The truly historic opportunity of a move to the Olympic Stadium in 2016 forms a major part of our five-year strategy to take this Club forward and, while we have a duty to make sure we stay in the Premier League, we also want to make sure the performances on the pitch will befit a team playing in such a world-renowned stadium.

    One way or the other, we confidently expect Sam to be gone six or eight games into next season. Realistically, there’s no way he’ll put up with his revised terms of reference or be capable of abandoning his ultra-cautious, negative, route one approach in favour of the new swashbuckling style we are demanding from him. Who knows, he may even beat Glenn Roeder’s record of being sacked three games into the new season if our new attacking coach doesn’t produce a few 5-4 cliffhangers for us all to enthral over. Who will we get in as Sam’s replacement? We clearly haven’t thought that far ahead but, obviously, he will be a limited, cheap option, someone no other Premier League club wanted, and we’ll entrust him with the basic brief of keeping us in the Premier League at all costs. Besides, it won’t matter much who we get in as his replacement or how the team plays – we’ll have banked all the season ticket money by then, whether you turn up or not.

    We are absolutely committed to taking West Ham United to new heights and we want to see the Club continue on an upward trajectory next season.

    As Sam constantly reassured us in his detailed presentation, not every ball aimed at Andy Carroll next season will be ‘on an upward trajectory’.

    The 2014/15 campaign is crucial to our future and we are confident that Sam has the passion, experience and determination to make sure it is a success.

    ‘Passion, experience and determination’, we said. Did we say he had vision, tactical nous and flexibility, makes astute use of substitutions or is clever transfer market operator who never pays over the top for a player, too? No, we most certainly did not mention those elusive qualities. See, we’re learning.

    West Ham United manager Sam Allardyce said: “I look forward to taking the Club forward and improving the squad for next season to try and achieve the plans we have set out in our very productive meeting last week.”

    Sam’s legal advisers insisted on us inserting this final paragraph into our new bullish statement of intent. He was so delighted that we brought the club’s attacking, entertaining ethos to his attention after three years here at the helm that, as he says, it’s like a new awakening for him. Let’s face it, if we do try and exert more influence over player recruitment and poke our noses in by telling him how to manage and set up his team tactically, he is bound to throw his toys out of the pram and walk away eventually. If he and the new attacking coach fail miserably after all our shrewd advice, he can always blame us and walk away with his proud record as the supreme advocate of 19th century ‘football’ in tact. See you soon and don’t forget to renew those season tickets . . .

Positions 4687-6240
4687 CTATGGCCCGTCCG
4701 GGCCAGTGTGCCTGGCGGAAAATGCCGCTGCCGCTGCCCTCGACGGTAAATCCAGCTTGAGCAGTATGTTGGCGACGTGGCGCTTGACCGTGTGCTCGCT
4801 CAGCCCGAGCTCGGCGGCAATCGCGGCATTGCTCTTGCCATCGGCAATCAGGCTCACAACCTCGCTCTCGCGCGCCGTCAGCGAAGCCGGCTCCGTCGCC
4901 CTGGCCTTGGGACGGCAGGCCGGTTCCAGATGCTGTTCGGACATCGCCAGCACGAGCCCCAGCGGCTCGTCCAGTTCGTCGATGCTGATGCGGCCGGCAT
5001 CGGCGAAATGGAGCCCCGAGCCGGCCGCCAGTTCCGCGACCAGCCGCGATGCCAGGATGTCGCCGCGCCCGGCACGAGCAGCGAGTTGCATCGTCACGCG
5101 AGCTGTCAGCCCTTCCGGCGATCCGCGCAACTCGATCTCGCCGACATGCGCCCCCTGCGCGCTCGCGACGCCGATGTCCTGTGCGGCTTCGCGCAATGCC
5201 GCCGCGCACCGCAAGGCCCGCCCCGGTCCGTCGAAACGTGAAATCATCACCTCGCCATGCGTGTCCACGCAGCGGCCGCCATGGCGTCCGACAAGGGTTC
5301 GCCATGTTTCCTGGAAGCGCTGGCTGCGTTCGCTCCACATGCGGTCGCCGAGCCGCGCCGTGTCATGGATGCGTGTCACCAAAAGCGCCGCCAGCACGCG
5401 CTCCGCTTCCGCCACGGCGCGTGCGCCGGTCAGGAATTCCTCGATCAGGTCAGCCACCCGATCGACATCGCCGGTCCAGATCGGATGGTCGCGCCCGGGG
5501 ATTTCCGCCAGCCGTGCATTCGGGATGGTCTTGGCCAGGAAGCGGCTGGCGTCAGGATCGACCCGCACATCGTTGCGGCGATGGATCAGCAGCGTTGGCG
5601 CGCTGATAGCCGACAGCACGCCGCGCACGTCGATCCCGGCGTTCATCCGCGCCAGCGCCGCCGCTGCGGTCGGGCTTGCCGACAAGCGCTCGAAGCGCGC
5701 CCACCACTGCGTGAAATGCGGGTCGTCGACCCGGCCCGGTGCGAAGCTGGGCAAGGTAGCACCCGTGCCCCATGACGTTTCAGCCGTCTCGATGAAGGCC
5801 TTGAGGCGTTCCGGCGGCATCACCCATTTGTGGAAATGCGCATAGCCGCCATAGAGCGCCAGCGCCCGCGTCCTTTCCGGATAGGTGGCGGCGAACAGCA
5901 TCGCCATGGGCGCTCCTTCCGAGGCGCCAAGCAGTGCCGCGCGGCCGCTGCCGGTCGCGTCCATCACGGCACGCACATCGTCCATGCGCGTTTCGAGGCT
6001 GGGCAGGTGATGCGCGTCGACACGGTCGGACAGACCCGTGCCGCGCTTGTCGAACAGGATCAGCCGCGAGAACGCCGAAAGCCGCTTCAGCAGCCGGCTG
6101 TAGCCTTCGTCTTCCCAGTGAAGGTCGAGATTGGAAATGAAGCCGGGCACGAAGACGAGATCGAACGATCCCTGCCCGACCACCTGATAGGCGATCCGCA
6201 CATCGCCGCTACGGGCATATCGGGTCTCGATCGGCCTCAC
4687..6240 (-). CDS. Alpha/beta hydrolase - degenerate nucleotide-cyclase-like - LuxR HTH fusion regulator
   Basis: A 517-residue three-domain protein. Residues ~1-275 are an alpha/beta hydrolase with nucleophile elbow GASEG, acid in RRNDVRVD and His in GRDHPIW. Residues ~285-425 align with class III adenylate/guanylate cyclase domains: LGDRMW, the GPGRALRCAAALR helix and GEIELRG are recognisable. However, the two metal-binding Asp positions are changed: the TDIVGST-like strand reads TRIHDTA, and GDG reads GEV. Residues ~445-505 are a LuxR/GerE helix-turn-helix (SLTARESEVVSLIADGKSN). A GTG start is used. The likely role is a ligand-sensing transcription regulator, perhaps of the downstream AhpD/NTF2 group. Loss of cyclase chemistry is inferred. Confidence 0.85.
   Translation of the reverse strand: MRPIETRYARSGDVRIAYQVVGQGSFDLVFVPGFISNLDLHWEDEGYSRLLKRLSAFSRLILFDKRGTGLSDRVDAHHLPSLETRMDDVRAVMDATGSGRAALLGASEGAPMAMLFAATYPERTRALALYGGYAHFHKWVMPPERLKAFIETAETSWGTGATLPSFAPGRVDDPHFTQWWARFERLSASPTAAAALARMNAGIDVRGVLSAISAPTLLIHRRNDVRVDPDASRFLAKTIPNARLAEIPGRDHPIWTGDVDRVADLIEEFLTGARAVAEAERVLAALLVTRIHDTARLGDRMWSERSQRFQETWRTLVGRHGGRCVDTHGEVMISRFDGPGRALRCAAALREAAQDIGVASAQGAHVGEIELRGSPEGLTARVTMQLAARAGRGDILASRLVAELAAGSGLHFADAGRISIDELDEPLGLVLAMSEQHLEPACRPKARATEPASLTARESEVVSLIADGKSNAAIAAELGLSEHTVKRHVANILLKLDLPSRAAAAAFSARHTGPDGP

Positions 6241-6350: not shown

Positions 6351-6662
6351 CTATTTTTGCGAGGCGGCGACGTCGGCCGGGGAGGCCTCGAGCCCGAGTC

Some weeks ago, while still counting the days to Big Sham’s departure, some posters on here threw back at me the wearisome and predictable “well, who else can we get? Who’s out there?’ line, as if decent football coaches don’t exist beyond Dover. One of the names I put forward as possessing the kind of calibre and pedigree our board should be looking at was Celta Vigo’s Luis Enrique . . . the same man Barcelona appointed as their new coach just two days ago. Of course, we couldn’t possibly have competed with Barca for Enrique but you get my drift? I bet the denizens of Camp Nou are looking forward to the start of the new season a whole lot more than most West Ham fans are.
    Now that all the speculation surrounding BS has subsided, at least temporarily until our tactical genius returns to the dug-out in August and we are doomed to another period of torture, let’s remember Iain Dale’s words and decide where we stand on the issue of Allardyce. To all of you who renew season tickets or pay at the gate expecting to see a spectacle, don’t come on here or Twitter whinging and disappointed that nothing has changed.

    *Tony McDonald is editor of the long-established retro EX magazine. To find out more visit [You must be registered and logged in to see this link.]
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    Posts : 1601
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    Post  JulianDicksLeftKnee on Thu 02 Oct 2014, 1:08 pm

    So bitter.

    Gold has played football at a higher level (I guess) than this writer (albeit 60 years ago)

    We'd love to be Barcelona but never will and survival is the name of the game before progress. Early days but now seeing some in footballing terms. No good being the prettiest team in League 2 (presuming the club exists at that point)

    I agree about Noble though!